Letters

Letters 08-31-2015

Inalienable Rights This is a response to the “No More State Theatre” in your August 24th edition. I think I will not be the only response to this pathetic and narrow-minded letter that seems rather out of place in the northern Michigan that I know. To think we will not be getting your 25 cents for the movie you refused to see, but more importantly we will be without your “two cents” on your thoughts of a marriage at the State Theatre...

Enthusiastically Democratic Since I was one of the approximately 160 people present at when Senator Debbie Stabenow spoke on August 14 in Charlevoix, I was surprised to read in a letter to Northern Express that there was a “rather muted” response to Debbie’s announcement that she has endorsed Hillary Clinton for president...

Not Hurting I surely think the State Theatre will survive not having the homophobic presence of Colleen Smith and her family attend any matinees. I think “Ms.” Smith might also want to make sure that any medical personnel, bank staff, grocery store staff, waiters and/or waitress, etc. are not homosexual before accepting any service or product from them...

Stay Home I did not know whether to laugh or cry when I read the letter of the extremely homophobic, “disgusted” writer. She now refuses to patronize the State Theatre because she evidently feels that its confines have been poisoned by the gay wedding ceremony held there...

Keep Away In response to Colleen Smith of Cadillac who refused to bring her family to the State Theatre because there was a gay wedding there: Keep your 25 cents and your family out of Traverse City...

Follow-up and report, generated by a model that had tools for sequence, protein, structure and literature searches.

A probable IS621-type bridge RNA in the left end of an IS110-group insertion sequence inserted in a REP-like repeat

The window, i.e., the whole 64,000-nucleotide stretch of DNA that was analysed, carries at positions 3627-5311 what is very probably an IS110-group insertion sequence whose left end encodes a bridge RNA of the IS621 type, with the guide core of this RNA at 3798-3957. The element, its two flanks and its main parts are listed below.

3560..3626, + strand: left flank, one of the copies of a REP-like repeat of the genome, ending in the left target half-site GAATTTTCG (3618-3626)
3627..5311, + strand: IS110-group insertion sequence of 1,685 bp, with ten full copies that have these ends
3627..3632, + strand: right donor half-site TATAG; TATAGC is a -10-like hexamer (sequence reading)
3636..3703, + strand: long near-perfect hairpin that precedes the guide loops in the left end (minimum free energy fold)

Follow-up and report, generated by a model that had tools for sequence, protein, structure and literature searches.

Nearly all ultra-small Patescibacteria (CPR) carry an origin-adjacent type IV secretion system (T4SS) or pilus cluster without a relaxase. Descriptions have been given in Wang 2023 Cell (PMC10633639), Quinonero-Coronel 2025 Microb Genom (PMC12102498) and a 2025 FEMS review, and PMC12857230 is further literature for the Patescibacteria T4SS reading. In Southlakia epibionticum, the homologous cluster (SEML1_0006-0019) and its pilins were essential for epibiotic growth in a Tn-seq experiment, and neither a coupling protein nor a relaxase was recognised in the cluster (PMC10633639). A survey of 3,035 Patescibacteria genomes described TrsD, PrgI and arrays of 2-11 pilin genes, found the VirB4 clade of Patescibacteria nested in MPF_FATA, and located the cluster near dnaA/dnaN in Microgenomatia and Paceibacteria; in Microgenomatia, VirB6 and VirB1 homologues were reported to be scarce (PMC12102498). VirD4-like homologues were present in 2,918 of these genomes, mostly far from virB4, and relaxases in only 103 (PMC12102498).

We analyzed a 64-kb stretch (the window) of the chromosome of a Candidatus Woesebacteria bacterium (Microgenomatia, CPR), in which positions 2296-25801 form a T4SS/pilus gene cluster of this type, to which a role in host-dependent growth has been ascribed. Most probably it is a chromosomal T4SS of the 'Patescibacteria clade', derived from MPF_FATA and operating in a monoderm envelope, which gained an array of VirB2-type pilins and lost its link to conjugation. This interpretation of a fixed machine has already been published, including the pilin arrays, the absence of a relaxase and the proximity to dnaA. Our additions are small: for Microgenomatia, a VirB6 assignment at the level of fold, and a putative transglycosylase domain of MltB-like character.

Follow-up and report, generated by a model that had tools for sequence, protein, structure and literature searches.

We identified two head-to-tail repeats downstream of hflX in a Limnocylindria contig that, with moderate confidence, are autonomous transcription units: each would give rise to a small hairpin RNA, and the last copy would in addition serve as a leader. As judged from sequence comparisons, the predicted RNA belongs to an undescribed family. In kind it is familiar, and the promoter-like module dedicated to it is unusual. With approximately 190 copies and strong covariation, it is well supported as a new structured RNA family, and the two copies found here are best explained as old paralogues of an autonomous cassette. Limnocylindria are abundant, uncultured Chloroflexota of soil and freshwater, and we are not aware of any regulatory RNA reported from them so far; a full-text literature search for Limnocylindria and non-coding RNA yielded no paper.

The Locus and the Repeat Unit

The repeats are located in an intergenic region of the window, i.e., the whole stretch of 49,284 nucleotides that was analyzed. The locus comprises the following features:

Celebrating Moore And A Theatre I was 10 years old when I had the privilege to see my first film at the State Theatre. I will never forget that experience. The screen was almost the size of my bedroom I shared with my older sister. The bursting sounds made me believe I was part of the film...

Outdated Thinking This letter is in response to Colleen Smith. She made public her choice to no longer go to the State Theater due to the fact that “some homosexuals” got married there. I’m not outraged by her choice; we don’t need any more hateful, self-righteous bigots in our town. She can keep her 25 cents...

Mackinac Pipeline Must Be Shut Down Crude oil flowing through Enbridge’s 60-yearold pipeline beneath the Mackinac Straits and the largest collection of fresh water on the planet should be a serious concern for every resident of the USA and Canada. Enbridge has a very “accident” prone track record...

Your Rights To Colleen, who wrote about the State Theatre: Let me thank you for sharing your views; I think most of us are well in support of the first amendment, because as you know- it gives everyone the opportunity to express their opinions. I also wanted to thank Northern Express for not shutting down these types of letters right at the source but rather giving the community a platform for education...

No Role Model [Fascinating Person from last week’s issue] Jada quoted: “I want to be a role model for girls who are interested in being in the outdoors.” I enjoy being in the outdoors, but I don’t want to kill animals for trophy...

Home · Articles · News · Music · A concert series for SoBo
. . . .

A concert series for SoBo

Kristi Kates - November 8th, 2010
A Concert Series for SoBo: Boyne City gallery merges art with music
By Kristi Kates
The SoBo Arts District in Boyne City continues to boom, not the least of which is via the musical offerings of a new concert series.
Singer-songwriter Michael Lee Seiler has amped-up his participation in the Sobo scene as entertainment director for the BAC (Boyne Arts Collective), bringing live performances to the artsy little town’s roster of activities.
Begun at the end of August with a fundraiser that helped revamp the BAC’s South Gallery room that serves as the music venue, Seiler is offering concerts on the second and fourth Sunday of each month from 4-6 p.m., usually in conjunction with an art exhibit in the BAC’s gallery.
Focusing on original and public domain music, Seiler has lined up a roster of local, regional, national, and international artists; mostly featuring music, but with a little spoken-word and dance thrown in for good measure.